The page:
While officials have been tight-lipped about the crucial technology aspects of these ships, defence strategists assume China offering Type 41 Yuan-class diesel-electric submarines. The deal with China would allow Pakistan to multiply its depleted submarine fleet two-fold from the existing four, comprising mostly the French-made Agosta-class diesel attack submarines.
Tailor-made to meet Pakistan’s war hostilities with arch rival India, the Type 41 submarine is being fitted with Air-Independent Propulsion system (AIP), and would also be equipped with Anti-Access/Area Denial (A2/AD) capabilities. This crucial technological element would be especially useful in case of an Indian blockade of Pakistan’s coast and could give New Delhi grounds to pause before deploying its planned new aircraft carrier-the INS Vikrant. Notably, AIP adds stealth by reducing the noise dissipated during a submarine’s displacement below the ocean surface.
Meanwhile, India’s maritime build up in the Indian Ocean has rung alarm bells among the Chinese military establishment. India’s indigenous nuclear attack submarine Arihant, which is currently undergoing sea trials, is expected to enter service soon. The Navy plans to position six such ship submersible ballistic, nuclear in service in the near future.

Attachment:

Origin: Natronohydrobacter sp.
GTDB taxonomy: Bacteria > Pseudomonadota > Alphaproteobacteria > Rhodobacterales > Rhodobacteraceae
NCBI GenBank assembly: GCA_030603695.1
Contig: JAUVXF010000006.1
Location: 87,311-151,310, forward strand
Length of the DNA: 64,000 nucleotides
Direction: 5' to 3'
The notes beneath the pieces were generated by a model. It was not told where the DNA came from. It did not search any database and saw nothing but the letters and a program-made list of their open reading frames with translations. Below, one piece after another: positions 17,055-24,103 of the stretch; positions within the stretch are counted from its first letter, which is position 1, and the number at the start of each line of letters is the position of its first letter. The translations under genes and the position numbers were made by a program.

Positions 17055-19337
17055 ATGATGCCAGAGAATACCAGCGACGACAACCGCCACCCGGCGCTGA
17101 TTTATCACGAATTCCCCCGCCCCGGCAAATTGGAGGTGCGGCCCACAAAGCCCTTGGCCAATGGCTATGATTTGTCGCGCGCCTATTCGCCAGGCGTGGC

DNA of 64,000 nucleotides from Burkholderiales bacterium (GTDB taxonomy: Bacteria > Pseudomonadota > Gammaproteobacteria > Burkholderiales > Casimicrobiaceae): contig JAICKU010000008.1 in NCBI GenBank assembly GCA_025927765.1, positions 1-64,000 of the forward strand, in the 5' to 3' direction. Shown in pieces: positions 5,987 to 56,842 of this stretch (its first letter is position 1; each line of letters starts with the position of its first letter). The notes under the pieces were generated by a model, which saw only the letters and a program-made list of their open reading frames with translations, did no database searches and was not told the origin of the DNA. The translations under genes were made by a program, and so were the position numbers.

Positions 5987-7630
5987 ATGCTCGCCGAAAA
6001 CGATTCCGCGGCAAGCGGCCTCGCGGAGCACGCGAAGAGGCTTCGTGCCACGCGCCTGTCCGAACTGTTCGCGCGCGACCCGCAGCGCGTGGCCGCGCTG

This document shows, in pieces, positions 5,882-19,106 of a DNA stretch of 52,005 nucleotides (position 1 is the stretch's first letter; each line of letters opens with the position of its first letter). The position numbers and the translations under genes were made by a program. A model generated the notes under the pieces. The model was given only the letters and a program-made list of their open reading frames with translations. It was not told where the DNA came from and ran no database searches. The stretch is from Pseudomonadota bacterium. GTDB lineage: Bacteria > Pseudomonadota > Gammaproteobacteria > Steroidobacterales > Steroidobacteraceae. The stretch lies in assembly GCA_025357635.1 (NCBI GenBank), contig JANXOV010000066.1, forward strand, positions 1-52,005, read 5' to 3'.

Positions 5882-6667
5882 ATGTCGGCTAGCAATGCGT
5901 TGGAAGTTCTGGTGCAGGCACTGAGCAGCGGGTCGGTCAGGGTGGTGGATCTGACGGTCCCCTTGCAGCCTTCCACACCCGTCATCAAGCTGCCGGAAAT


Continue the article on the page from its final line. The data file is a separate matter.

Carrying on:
Beijing is also wary of New Delhi’s naval posturing by teaming up with the navies of US, Japan and Australia under the multilateral Malabar exercise. China has shown immense interest in understanding India’s new class of destroyers built using indigenous capabilities.
China–Pakistan relations, now flourishing at a tremendous speed, began in 1950 when Pakistan, as young nation born in 1947, was among the first countries to end official diplomatic relations with the Republic of China on Taiwan and recognize the newly People’s Republic of China (PRC). Since then, both countries, Communist and Islamic, have placed considerable importance on the maintenance of an extremely close and supportive relationship and the two countries have regularly exchanged high-level visits resulting in a variety of agreements. Beijing has provided economic, military and technical assistance to Pakistan and each considers the other a close strategic ally. Bilateral relations have evolved from an initial Chinese policy of neutrality to a partnership with a smaller but militarily powerful Pakistan.